• Refrigerator soup (everything left in the ‘frig chopped w/ chicken broth) and fritittas (sp?) are great ways to use up random bits of ingredients.

    I also have a recipe for Spring Greens Soup which uses whatever mixture of greens you have along with 1/2 strength chicken broth, onion, and a bit of small sized pasta. What makes it special is that you add a bit of grated parmesan, vinegar/citrus juice and fresh ground fenne right before serving. Yum!

  • Marisa, pesto is one of our favorite things to make because we can make it, freeze it, and enjoy it all winter long. We make garlic scape pesto, parsley pesto, and basil pesto. Our trick to preserve the harvest is to make the pesto and pack it into plastic sandwich bags of about 3 to 4 tablespoons each, squish the pesto to the bottom of the bag, flatten it out a bit, and freeze it. We call it presto-pesto because it thaws very quickly and makes a fast meal.

  • I do that too! I’m trying so hard to stop; it’s like an addiction! Your uses for this sound phenomenal.

  • Last night I rescued some beginning to go button mushrooms. I’d made a great chicken soup from homemade chicken stock and veg and some skinny coil fideo pasta and saw the mushrooms. What a lovely addition to an old standby. Thanks so for the reminder of pesto as a way to easily preserve perfectly good food for later use. Do love your posts!

  • That pesto sounds awesome– love spicy arugula!

    I am trying my best to rescue produce from the trash. I used to be much worse…lots of wasted veggies. Now, when cooking each night, I open the produce drawers and see what could be added to the dish. It’s working pretty well! Like Kathleen said, soup is a great way to use up vegs, too.

  • And another wonderful use for parsley pesto that I discovered a couple of days ago is drizzling a healthy dollop onto spicy chickpea soup. I’m not a big fan of parsley but had the chance to have lunch in a place I can’t normally get to during the week. Chickpea soup with dried tomatoes and parsley pesto was what was on the menu and I sort of thought that maybe I could push the pesto to the side a bit and avoid most of it. But it was absolutely delicious (even more so because he was just finishing making a new batch as I walked in the door?). Pine nuts are so expensive that I’ve never made pesto but I do like it. Must try out some of the recipes with alternatives to pine nuts this summer.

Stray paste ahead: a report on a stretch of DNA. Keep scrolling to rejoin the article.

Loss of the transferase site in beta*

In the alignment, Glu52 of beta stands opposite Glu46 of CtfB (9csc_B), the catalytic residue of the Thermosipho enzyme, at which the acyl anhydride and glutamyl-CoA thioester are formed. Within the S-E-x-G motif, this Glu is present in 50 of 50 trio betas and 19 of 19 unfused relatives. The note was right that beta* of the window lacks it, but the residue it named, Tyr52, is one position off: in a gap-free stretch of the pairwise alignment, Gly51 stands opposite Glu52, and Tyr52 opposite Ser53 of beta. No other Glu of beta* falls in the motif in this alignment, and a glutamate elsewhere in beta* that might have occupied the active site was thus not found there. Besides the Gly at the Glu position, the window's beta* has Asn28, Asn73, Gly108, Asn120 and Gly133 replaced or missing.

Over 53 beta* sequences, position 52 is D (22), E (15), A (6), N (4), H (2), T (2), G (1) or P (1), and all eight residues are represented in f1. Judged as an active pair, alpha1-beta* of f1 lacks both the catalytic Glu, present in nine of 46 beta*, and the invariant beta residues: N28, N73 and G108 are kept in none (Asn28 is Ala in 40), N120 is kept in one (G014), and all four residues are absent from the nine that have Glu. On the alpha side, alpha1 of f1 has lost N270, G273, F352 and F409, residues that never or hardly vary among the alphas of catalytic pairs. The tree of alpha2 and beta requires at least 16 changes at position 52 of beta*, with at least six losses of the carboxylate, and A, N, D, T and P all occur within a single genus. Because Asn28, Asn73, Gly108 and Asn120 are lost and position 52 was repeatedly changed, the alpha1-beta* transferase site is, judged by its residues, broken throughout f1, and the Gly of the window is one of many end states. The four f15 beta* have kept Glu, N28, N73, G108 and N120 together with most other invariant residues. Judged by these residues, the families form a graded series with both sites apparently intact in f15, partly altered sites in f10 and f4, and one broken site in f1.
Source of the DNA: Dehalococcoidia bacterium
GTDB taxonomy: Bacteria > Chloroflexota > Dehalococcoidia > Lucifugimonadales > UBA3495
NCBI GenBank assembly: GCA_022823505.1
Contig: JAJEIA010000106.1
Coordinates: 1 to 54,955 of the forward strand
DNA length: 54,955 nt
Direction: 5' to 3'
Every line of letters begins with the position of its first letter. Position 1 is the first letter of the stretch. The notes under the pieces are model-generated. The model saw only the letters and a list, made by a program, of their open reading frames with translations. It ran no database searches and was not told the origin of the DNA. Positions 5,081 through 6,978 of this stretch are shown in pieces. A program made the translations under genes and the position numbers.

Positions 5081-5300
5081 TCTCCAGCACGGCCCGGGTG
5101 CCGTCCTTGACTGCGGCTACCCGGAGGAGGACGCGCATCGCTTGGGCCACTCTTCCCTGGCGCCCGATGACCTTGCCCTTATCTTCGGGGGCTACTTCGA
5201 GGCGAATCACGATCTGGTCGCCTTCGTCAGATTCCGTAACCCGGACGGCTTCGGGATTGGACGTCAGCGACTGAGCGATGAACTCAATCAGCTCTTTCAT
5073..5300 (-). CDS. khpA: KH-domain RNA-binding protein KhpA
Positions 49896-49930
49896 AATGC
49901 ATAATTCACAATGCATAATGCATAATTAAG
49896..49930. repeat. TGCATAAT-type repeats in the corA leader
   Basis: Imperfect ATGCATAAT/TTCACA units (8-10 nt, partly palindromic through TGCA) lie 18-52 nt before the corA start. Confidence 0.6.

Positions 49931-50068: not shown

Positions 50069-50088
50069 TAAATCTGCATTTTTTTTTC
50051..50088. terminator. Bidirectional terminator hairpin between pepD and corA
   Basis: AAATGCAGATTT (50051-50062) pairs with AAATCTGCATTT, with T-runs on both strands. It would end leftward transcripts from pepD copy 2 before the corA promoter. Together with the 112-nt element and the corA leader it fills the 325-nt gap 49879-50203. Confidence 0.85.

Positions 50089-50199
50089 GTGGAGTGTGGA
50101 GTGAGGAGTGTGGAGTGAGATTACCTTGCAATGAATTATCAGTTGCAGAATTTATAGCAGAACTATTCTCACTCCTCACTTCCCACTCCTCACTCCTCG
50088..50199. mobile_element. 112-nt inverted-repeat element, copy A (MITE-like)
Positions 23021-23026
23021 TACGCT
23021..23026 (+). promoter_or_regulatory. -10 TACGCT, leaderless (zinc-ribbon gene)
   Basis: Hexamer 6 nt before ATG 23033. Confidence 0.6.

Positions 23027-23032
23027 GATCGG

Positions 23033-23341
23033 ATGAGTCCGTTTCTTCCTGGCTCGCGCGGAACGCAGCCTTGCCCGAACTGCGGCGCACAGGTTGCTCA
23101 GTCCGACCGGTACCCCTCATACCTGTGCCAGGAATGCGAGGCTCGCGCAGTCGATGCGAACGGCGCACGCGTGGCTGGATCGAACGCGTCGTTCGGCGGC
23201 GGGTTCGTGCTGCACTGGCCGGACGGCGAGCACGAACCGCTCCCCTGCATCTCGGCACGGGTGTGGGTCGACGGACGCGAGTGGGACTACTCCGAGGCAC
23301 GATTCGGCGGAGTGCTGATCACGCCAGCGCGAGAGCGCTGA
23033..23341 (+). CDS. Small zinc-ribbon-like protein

• Funny you ask…Just the other night I saved a quart of heavy cream from it’s inevitable trash can fate and made a simple alfredo courtesy of Macheesmo’s site and some scones from the lovely blogger of Smitten Kitchen 🙂

  • Not being found of the traditional pesto (I think I’ve over consumed it!), this looks like a tasty alternative. I’m wondering if anyone had experimented with making pesto out of other greens?

    1. Cilantro is a common substitute for basil. I’ve also made with spinach and goat cheese. Whatever green you use would need to be tasty/tender raw. For that reason collard greens or end of the year kale probably wouldn’t work.

  • Looks great. We’re working hard on an extra-large bunch of cilantro. I might end up freezing it and then chop it into soups. Not ideal, but better than the trash.

    Yesterday I saved peach juice from home-canned peaches and made it into gelatin with a few frozen blueberries dropped in. Actually, I put it in little quarter-pint jars to pack for the kids’ school lunches:

    I’m quite pleased with that rescue!

    1. Hey Marisa, thanks for the share on Facebook! (I saw it through my husband’s account – I’m not on Facebook). I wanted to say that the little cups have stayed firm for several hours at room temperature using regular unflavored gelatin. I’m sure agar works fine, but the gelatin is working fine, too, FYI.

  • My family loves ‘Clean Out the Fruit Bowl Fruit Salad’. It is different every time. Today I will be making it with the last of the grapes (no one ever eats the last of them!) two tired orange, three very ripe pears, an apple (with a small bruise that no child will eat around) and two bananas with spots! Its magic! Fruit that no one would eat – to a fruit salad that disappears from the fridge before days end.